Were the U.S. Communist party (CPUSA) and its various front organizations legitimate phenomena of domestic American political life, despite the fact that they espoused a radical—even heretical—political program? Or did these forces represent a foreign and essentially artificial growth on the American body politic? Did they merely draw together proponents of an unpopular political agenda, or did their practices and goals constitute a conspiracy to advance the interests of a foreign power?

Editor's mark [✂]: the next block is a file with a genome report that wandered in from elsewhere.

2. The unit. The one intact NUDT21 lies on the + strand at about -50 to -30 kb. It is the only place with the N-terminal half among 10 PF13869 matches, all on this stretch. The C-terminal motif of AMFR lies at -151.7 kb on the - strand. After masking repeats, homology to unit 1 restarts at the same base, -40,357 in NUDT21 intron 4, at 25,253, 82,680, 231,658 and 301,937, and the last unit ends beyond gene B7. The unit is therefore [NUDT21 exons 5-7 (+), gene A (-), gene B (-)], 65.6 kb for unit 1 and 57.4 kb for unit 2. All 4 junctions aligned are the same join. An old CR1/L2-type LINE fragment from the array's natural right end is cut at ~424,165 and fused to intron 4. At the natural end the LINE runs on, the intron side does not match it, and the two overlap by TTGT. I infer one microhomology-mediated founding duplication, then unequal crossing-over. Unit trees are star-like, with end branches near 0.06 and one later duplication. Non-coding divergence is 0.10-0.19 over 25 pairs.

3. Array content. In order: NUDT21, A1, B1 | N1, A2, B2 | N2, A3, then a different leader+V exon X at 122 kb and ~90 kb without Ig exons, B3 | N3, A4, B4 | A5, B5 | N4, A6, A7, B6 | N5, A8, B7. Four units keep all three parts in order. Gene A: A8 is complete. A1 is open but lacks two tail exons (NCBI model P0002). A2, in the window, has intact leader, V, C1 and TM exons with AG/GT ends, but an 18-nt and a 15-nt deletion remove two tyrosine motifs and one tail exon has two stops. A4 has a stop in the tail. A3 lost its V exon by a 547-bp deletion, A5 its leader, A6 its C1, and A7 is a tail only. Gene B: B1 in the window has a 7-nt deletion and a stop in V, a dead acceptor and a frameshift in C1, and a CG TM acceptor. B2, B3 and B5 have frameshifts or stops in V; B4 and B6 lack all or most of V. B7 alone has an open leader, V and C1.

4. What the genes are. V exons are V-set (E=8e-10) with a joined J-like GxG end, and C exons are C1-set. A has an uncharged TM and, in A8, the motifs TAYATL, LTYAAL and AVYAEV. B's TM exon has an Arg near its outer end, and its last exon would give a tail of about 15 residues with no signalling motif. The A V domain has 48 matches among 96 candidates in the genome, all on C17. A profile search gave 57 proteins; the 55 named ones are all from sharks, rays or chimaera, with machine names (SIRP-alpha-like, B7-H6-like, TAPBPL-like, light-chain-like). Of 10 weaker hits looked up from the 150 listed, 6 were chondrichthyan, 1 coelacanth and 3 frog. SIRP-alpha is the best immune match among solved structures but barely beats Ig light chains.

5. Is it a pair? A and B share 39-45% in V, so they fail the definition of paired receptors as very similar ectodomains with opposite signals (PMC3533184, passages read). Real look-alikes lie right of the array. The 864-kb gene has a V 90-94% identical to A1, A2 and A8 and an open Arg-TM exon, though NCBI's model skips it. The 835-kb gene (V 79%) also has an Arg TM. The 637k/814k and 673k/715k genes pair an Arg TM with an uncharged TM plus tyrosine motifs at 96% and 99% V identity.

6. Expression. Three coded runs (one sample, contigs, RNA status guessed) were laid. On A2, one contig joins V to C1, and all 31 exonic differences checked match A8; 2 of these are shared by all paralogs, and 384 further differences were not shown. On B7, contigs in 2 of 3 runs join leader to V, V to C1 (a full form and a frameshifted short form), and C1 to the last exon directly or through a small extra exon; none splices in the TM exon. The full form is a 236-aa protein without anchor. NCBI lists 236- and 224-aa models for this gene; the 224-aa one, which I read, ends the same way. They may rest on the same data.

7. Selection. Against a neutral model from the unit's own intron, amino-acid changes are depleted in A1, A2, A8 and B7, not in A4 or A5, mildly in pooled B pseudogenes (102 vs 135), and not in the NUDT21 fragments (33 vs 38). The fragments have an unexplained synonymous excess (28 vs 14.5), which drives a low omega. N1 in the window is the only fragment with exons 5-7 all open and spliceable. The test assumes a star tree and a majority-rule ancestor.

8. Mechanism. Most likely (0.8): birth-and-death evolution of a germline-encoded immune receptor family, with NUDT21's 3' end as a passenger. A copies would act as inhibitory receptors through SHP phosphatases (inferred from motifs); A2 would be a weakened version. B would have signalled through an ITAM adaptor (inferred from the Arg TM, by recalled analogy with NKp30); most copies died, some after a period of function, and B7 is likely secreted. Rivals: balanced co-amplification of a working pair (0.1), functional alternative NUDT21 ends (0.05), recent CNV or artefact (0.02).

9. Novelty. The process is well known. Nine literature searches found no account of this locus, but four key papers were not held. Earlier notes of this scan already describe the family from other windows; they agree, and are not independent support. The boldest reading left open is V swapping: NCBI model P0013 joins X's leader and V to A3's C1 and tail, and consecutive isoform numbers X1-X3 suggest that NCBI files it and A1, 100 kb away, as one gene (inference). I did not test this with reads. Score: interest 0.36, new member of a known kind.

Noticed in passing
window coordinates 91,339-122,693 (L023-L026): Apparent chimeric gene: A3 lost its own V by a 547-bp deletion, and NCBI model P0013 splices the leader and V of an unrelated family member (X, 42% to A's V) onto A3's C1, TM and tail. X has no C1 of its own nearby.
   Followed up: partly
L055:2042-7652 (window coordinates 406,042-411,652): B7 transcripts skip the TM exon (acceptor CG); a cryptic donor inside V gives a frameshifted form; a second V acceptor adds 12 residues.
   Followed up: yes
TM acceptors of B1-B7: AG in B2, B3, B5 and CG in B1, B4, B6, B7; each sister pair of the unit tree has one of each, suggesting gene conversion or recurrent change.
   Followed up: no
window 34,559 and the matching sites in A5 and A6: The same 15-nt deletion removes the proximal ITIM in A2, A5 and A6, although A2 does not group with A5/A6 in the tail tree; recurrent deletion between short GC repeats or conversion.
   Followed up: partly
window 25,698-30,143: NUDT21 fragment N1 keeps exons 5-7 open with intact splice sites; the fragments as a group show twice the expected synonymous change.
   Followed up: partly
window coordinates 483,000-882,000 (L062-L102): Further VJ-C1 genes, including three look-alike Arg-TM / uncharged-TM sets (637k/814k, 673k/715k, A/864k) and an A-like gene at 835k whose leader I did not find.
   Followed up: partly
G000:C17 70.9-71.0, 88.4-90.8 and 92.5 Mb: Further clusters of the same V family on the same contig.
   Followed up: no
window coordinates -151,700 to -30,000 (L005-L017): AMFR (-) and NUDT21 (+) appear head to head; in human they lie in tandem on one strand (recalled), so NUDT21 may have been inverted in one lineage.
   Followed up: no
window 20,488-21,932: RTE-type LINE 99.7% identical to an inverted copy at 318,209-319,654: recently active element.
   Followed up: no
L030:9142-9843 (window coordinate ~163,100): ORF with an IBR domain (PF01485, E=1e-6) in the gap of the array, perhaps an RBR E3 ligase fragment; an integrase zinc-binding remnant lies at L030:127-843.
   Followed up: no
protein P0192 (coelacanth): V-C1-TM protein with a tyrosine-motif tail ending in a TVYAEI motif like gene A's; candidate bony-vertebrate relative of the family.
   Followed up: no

The debate over the nature of American Communism has turned on this set of questions virtually since the birth of the CPUSA. During the McCarthy era, scholars like the late Sidney Hook argued that, for all practical purposes, the American Communist movement was, in fact, something on the order of a conspiracy—a conspiracy bent on political subversion. As Hook saw it, the Communists were unlike members of any other radical sect, in that their primary allegiance was to a foreign power.
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